I was in Primary Four and it was my first term at Budo Junior School having joined that year. My bed was at the extreme end of Nasolo Dormitory next to a vacant decker
Horrific. Nearly eight years ago, the country was shocked when 20 young girls, then pupils of Budo Junior School in Wakiso District, perished in an inferno. There was a similar spiral of school fires in different parts of the country. In Witness this week, Henry Lubega speaks to 16-year-old Ketra Namubiru who was the first to see the fire next to her bed.
I was in Primary Four and it was my first term at Budo Junior School having joined that year. My bed was at the extreme end of Nasolo Dormitory next to a vacant decker. The matron collected all our pillows and piled them on that vacant bed. All our beds were triple deckers.
The day the dormitory caught fire had been a normal day. However, there was no power in our dormitory, I think the bulb had blown because we used a paraffin lantern for light. As we went to bed that night, the lantern was put on the spare bed where the pile of pillows was.
As was a routine, we went to bed and the matron also went to her room. In the night, I was woken up by heat and too much light coming from the fire on the decker where the pillows and the lantern were. I first ran out, then on second thought I came back to wake up my friend with whom we shared the decker. Her bed was below mine. Together we started waking up our colleagues. The matron had not come out of her room yet.
The late Yvonne Namaganda who was sleeping somewhere in the middle of the dormitory was woken up by my friend. Some of those who woke up went ahead to wake others up while others ran out of the dormitory in fear.
As the smoke increased, I too, ran out of the dormitory, but some other children were still inside. We ran out in only our night dresses. There was a lot of noise, with children crying and calling their parents. Those outside and those inside were both calling for help, but we were too scared to go into the fire as it had increased and moved towards the door. It took about 30 minutes from the time I first saw the fire to the time it reached the door.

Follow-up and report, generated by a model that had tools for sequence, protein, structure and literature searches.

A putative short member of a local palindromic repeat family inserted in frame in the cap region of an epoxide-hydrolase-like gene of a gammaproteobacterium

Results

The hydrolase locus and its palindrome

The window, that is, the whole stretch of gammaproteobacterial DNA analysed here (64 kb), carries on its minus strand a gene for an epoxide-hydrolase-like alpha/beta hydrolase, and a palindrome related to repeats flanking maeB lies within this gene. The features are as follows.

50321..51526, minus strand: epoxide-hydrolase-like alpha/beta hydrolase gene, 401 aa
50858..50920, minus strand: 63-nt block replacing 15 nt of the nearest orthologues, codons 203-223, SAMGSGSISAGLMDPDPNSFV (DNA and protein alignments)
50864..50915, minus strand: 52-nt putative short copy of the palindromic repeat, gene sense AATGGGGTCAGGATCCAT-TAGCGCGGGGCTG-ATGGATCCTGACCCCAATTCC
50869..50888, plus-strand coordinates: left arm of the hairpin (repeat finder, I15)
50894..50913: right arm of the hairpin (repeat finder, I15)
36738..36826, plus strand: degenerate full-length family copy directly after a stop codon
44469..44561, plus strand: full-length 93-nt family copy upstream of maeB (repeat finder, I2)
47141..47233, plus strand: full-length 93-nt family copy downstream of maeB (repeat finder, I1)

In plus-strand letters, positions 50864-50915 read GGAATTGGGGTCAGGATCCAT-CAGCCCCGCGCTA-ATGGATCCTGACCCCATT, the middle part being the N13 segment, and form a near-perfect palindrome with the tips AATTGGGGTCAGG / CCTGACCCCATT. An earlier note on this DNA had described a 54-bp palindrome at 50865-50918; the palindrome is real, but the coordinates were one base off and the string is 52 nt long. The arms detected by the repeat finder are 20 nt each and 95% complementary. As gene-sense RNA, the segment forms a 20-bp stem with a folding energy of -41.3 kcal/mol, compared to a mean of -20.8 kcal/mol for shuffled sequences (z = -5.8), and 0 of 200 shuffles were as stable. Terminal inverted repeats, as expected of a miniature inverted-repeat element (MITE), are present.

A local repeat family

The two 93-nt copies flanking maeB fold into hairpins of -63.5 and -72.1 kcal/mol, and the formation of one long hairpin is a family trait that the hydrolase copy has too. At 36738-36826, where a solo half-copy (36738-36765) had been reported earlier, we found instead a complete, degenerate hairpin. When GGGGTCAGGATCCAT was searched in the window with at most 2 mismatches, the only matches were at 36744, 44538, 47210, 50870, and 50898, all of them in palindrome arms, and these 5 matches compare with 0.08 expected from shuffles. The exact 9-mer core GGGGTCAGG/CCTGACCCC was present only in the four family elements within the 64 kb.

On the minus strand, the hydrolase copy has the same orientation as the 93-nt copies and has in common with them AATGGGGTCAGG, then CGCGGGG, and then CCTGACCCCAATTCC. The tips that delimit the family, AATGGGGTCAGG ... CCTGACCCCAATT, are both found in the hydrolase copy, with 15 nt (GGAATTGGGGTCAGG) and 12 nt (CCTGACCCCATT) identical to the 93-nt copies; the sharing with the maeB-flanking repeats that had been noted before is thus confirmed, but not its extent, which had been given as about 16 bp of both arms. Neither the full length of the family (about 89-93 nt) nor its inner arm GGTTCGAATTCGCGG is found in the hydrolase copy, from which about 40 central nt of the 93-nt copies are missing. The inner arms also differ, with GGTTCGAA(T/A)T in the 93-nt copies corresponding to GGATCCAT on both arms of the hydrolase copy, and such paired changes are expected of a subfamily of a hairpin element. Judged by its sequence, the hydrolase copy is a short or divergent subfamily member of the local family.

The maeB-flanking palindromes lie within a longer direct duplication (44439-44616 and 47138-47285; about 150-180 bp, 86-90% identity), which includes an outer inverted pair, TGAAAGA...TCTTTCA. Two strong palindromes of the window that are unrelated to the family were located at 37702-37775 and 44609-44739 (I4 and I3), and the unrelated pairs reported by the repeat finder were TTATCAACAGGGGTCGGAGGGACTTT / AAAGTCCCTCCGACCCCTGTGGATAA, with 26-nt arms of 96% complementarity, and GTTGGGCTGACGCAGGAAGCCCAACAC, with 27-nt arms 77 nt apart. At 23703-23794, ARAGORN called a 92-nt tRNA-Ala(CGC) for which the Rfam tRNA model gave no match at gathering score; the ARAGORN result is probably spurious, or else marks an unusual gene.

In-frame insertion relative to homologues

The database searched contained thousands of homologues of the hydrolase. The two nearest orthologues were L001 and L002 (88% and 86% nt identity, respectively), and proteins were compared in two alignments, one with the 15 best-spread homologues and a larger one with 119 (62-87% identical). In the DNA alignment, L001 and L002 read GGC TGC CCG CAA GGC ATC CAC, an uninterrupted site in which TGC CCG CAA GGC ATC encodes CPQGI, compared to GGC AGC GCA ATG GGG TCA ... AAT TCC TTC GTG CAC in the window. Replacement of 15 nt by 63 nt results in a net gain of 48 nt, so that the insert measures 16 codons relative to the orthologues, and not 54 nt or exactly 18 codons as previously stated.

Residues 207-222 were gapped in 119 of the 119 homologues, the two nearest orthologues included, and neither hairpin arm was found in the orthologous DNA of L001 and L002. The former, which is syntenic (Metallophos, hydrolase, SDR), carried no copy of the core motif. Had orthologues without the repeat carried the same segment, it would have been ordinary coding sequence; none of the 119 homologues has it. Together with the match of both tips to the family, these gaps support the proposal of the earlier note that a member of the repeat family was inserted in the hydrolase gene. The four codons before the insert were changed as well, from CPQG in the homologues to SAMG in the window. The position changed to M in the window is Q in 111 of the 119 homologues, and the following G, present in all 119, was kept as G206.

By that time, at least one teacher had come to respond to our noise. With the fire almost at the door and some children still inside crying, Namaganda went in and started pulling some children out. She did this for about five times until she went in and never came back. Children from other dormitories had by this time also come out. The headmaster also came to the dormitory and told all of us who were residing in Nasolo to go to the field, though it was still dark. In the field, we were told to sit down and be counted. After the head count we were only 20 children although the dormitory housed 66.
After the head count we were taken to the main office. It was while there that my parents picked me up. I don’t know how they got to know, but I suspect the school telephoned them. Other children were picked that very night, we never slept at school. I never wanted to go back after that incident. I had to change school thereafter.
The aftermath of the inferno
Namubiru will this year sit for O-Level exams at Mumsa High School in Mityana District. However, eight years later, the government is yet to release a report on the cause of the fire.
Five years after the incident government made a partial payment to the agreed out of court settlement with the parents of the victims as compensation for the loss. The former Wakiso District chairman Ian Kyeyune was quoted in the media on June 19, 2008 as saying “there was a human hand in the inferno … it was not a mere accident since there was no power or fire in the dormitory and the children had already gone to bed”.
However, the police deputy spokesperson, Ms Polly Namaye, says police investigated the Budo fire and the report was compiled. “From the police investigation two people were arrested and appeared before courts of law. Some of them are still on remand.” Ms Namaye says members of the public interested in the reports on school fires can follow the proper procedures and access the reports.